Mapping opportunities for improving the environmental sustainability of gold mining in Sierra Leone
This study will use an empirical approach to understanding the environmental impacts of the mining sector and propose more potentially sustainable solutions.
Over the past two decades, mineral-rich sub-Saharan Africa has been transformed by the growth of informal artisanal and small-scale mining (ASM); low tech, labour-intensive mineral extraction and processing that employs rudimentary tools, and has low barriers to entry for poor people. While the livelihood benefits of the ASM sector are largely undisputed, policies and programmes aimed at minimising its environmental footprint have to date had limited success.
This project will focus on the case of Sierra Leone; a country with one of the largest and most dynamic ASM economies in sub-Saharan Africa. The study will:
- generate much-needed data on the environmental impacts of the sector
- deepen understanding of how ecosystems services and dependent livelihoods are impacted by its activities
- propose more tangible, empirically grounded solutions capable of facilitating the sustainability of the sector
The project brings together an experienced interdisciplinary team of researchers from the University of Bath, who will work closely with Sierra Leonean communities, researchers and policymakers. They will facilitate the co-production of knowledge, and ensure that the research findings will directly inform strategies to formalise the ASM sector while simultaneously reducing environmental impacts.
The project will engage a diverse range of stakeholders, establishing new relationships between all project partners, and building an international academic collaboration around research on sustainable natural resource management and development. This will be the first step in galvanising an interdisciplinary extractive industry research hub at Bath, and will lay the foundation for the submission of a major research bid to the Global Challenges Research Fund (GCRF) to follow.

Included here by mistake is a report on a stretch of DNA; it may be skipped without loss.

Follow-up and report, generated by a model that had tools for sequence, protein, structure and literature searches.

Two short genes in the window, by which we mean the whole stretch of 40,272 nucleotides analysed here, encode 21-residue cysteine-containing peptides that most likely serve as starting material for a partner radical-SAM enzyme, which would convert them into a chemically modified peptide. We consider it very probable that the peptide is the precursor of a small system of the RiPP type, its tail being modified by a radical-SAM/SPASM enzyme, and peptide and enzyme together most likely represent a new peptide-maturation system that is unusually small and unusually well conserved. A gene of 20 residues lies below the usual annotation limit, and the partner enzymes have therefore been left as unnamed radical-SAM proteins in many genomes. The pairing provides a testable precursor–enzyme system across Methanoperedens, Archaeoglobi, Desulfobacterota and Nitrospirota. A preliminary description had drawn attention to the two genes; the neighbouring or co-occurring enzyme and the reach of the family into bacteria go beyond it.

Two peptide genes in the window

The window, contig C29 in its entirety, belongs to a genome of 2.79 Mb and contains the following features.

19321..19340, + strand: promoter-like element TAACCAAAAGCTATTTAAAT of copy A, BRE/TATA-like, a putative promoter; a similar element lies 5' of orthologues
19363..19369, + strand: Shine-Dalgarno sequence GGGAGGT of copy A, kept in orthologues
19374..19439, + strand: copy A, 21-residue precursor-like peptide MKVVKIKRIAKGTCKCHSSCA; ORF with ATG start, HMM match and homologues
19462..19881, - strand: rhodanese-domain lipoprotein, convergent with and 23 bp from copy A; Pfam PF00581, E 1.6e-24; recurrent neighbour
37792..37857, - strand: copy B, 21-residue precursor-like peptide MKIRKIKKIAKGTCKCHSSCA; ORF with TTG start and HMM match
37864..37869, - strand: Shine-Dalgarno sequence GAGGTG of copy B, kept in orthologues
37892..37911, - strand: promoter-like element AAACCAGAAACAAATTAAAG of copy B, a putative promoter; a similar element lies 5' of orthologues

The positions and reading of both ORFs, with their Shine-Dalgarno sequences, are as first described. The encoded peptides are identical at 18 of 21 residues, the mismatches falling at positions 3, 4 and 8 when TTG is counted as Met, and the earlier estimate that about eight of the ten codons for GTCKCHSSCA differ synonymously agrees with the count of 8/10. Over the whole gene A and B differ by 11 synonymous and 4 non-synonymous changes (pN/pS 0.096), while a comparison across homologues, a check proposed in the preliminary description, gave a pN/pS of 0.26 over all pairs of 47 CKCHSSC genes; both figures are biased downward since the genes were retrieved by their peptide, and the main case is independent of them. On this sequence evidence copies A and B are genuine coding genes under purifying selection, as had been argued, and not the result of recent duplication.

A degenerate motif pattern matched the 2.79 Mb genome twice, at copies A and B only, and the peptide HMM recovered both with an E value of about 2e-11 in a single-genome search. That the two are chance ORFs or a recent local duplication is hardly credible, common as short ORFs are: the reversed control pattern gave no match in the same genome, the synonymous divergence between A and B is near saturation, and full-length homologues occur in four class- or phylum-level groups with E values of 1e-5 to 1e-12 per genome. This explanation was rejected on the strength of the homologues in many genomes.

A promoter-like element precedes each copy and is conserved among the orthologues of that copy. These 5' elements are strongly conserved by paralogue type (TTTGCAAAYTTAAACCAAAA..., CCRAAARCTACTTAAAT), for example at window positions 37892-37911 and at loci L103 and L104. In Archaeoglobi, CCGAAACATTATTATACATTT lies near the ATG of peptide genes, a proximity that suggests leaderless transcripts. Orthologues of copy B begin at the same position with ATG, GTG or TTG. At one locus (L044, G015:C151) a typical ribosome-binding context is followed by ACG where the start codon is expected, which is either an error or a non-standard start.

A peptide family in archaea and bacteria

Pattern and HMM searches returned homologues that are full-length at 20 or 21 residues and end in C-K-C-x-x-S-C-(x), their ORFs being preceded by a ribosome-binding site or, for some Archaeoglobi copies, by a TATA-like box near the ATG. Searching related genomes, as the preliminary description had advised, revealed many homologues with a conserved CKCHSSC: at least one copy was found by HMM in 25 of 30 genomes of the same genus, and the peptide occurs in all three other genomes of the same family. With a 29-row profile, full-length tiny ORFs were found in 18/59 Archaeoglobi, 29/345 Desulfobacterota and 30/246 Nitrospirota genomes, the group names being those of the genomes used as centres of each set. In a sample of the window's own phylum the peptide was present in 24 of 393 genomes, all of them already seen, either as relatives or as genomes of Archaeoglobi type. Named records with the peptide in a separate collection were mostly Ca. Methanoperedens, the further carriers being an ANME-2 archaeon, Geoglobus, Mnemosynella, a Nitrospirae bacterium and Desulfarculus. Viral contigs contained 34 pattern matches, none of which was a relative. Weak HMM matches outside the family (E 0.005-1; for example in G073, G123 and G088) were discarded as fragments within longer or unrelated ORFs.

Policy engagement workshop in Sierra Leone
Invited participants will include individuals from:
- relevant Government of Sierra Leone Ministries
- the National Minerals Agency
- the Environmental Protection Agency
- the donor community (the World Bank and GIZ)
- academics from the University of Sierra
- the UN Agency
- UNITAR (presently putting Sierra Leone’s National Action Plan together under the UN Minamata Convention to combat Mercury)
Co-authored journal article
This will synthesise research findings and be submitted to a leading peer-reviewed journal in the field of geography, development studies or environmental sciences.
Development of a major Global Challenge Research Fund proposal
Dr Roy Maconachie, Dr Lee Bryant, Dr Thomas Kjeldsen and research colleagues at Fourah Bay College, have already been in discussion about a possible larger funding proposal that would focus on mining livelihoods, ecosystems services environmental change. The partnerships formed and the data generated in the project would directly inform this process.
We aim to complete the first step towards the establishment of an interdisciplinary research hub at Bath. This will focus on the extractive industries and development.
Dr Roy Maconachie is currently working to establish a new research cluster based in the Department of Social & Policy Sciences, which will draw in scholars from other departments, including Department of Politics, Languages & International Studies, the Centre for Business, Organisations and Society in the School of Management, and most notably, researchers in the Water Innovation and Research Centre, where Maconachie, Bryant and Kjeldsen are all on the Management Board.
The proposed study will be a vital step in bringing social scientists and natural scientists together to work on this emerging research area. In the summer of 2019, Professor Anthony Bebbington (Clark University, USA) has been appointed as Global Chair to help galvanise this emerging research cluster.
- Dr Roy Maconachie, Department of Social & Policy Sciences, University of Bath
- Dr Lee Bryant, Department of Architecture & Civil Engineering, University of Bath
- Dr Thomas Kjeldsen, Department of Architecture & Civil Engineering, University of Bath
- Dr Solomon Gbanie, Department of Geography, Fourah Bay College, University of Sierra Leone
- Mr Kabba Bangura, Department of Geography, Fourah Bay College, University of Sierra Leone
- Mr Anthony Koroma, Department of Physics, Fourah Bay College, University of Sierra Leone